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Market competition is a fundamental part of business in New Zealand. It influences how your business navigates the market and ultimately makes a profit. The law protects this competition and punishes businesses that undermine the market’s competitive nature or those that hope to gain an unfair advantage. Likewise, the law protects competition by regulating what information businesses can exchange with each other, including discussing pricing information. If you or your business attempts to discuss pricing with a competitor, there are severe penalties in place. Hence, it is crucial that your business does not engage in anything that could be considered anti-competitive. This article will explain the seriousness of anti-competitive behaviour and the legalities around discussing pricing with competitors. 

What Is Anti-Competitive Behaviour?

A competitor is any other business that provides the same products or services as you. Competition in the market means that businesses keep prices fair and product quality high. The outcome is to ensure that your business remains the most attractive option for your customers. This means that customers receive a fair deal, and businesses will not arbitrarily set higher prices. As a business, you owe your customers certain guarantees to offer a reasonable price for your produces or services. Likewise, larger businesses cannot exert their market power over smaller businesses.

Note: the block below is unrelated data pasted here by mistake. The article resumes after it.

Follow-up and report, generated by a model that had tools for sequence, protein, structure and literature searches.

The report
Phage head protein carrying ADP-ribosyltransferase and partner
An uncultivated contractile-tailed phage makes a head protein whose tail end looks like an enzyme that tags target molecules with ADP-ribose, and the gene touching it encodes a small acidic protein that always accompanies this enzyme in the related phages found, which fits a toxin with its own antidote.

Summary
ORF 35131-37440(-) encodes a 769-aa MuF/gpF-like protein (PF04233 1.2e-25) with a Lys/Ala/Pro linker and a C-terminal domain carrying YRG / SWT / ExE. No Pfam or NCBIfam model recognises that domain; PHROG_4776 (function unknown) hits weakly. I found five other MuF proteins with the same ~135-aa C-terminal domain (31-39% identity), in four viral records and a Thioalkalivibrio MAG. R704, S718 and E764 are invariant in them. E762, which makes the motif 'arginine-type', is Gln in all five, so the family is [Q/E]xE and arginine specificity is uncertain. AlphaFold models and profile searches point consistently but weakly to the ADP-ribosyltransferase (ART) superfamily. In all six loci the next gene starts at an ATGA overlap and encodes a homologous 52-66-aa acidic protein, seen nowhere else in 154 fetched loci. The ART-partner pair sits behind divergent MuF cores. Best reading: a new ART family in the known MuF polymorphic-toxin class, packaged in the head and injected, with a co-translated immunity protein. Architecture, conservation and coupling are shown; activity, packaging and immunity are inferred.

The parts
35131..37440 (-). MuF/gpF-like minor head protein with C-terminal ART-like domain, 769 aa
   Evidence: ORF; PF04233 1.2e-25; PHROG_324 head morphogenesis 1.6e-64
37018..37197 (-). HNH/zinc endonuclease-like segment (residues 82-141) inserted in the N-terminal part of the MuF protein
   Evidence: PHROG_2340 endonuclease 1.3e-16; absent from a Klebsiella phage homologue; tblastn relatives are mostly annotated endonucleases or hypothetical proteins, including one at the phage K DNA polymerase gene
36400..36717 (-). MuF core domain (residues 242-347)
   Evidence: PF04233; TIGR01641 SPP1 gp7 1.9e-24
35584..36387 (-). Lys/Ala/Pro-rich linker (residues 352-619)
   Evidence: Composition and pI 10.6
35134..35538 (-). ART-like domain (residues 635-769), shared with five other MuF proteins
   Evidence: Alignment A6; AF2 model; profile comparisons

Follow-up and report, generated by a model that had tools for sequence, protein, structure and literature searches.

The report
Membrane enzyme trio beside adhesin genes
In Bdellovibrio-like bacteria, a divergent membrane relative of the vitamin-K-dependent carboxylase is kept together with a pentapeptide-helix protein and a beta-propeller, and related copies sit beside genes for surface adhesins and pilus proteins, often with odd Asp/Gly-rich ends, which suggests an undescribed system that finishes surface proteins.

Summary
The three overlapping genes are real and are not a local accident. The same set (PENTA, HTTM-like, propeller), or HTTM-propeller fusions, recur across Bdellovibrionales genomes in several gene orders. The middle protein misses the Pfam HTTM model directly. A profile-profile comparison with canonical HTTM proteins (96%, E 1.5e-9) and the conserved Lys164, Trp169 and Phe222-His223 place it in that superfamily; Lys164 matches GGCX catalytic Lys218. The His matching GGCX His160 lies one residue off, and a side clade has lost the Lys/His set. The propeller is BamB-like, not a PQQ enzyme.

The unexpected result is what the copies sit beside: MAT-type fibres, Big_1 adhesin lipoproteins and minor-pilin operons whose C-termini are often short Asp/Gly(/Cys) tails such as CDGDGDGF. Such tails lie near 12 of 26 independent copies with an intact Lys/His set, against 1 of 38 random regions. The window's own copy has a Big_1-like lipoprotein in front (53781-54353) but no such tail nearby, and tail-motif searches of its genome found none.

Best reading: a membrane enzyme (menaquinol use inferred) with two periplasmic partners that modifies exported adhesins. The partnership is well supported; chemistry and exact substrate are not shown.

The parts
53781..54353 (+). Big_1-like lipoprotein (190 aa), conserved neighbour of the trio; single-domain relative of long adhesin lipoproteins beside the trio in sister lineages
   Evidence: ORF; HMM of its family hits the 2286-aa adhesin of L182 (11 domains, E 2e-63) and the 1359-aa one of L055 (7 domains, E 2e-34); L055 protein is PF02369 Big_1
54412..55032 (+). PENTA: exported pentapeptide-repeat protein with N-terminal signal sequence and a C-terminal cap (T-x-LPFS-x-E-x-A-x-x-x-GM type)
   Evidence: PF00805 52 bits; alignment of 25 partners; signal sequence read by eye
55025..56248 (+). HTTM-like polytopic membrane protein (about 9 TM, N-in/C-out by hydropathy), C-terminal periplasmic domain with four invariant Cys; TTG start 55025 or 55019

Anti-competitive behaviour is behaviour that seeks to undermine the market’s competitive nature. It may seem counterintuitive to punish behaviour that can involve co-operation between businesses. However, unlawful collaboration can create an unfair advantage that has lasting consequences for other businesses and consumers. Anti-competitive behaviour includes:

  • consenting to something that substantially decreases competition in the market;
  • agreeing with another business to fix, maintain, or control pricing (also known as cartel conduct);
  • collaboration with another business to restrict output or capacity;
  • collectively deciding to allocate parts of the market or customers;
  • taking advantage of or abusing a dominant position in the market for anti-competitive purposes;
  • abuse of market power, for example, through predatory pricing; and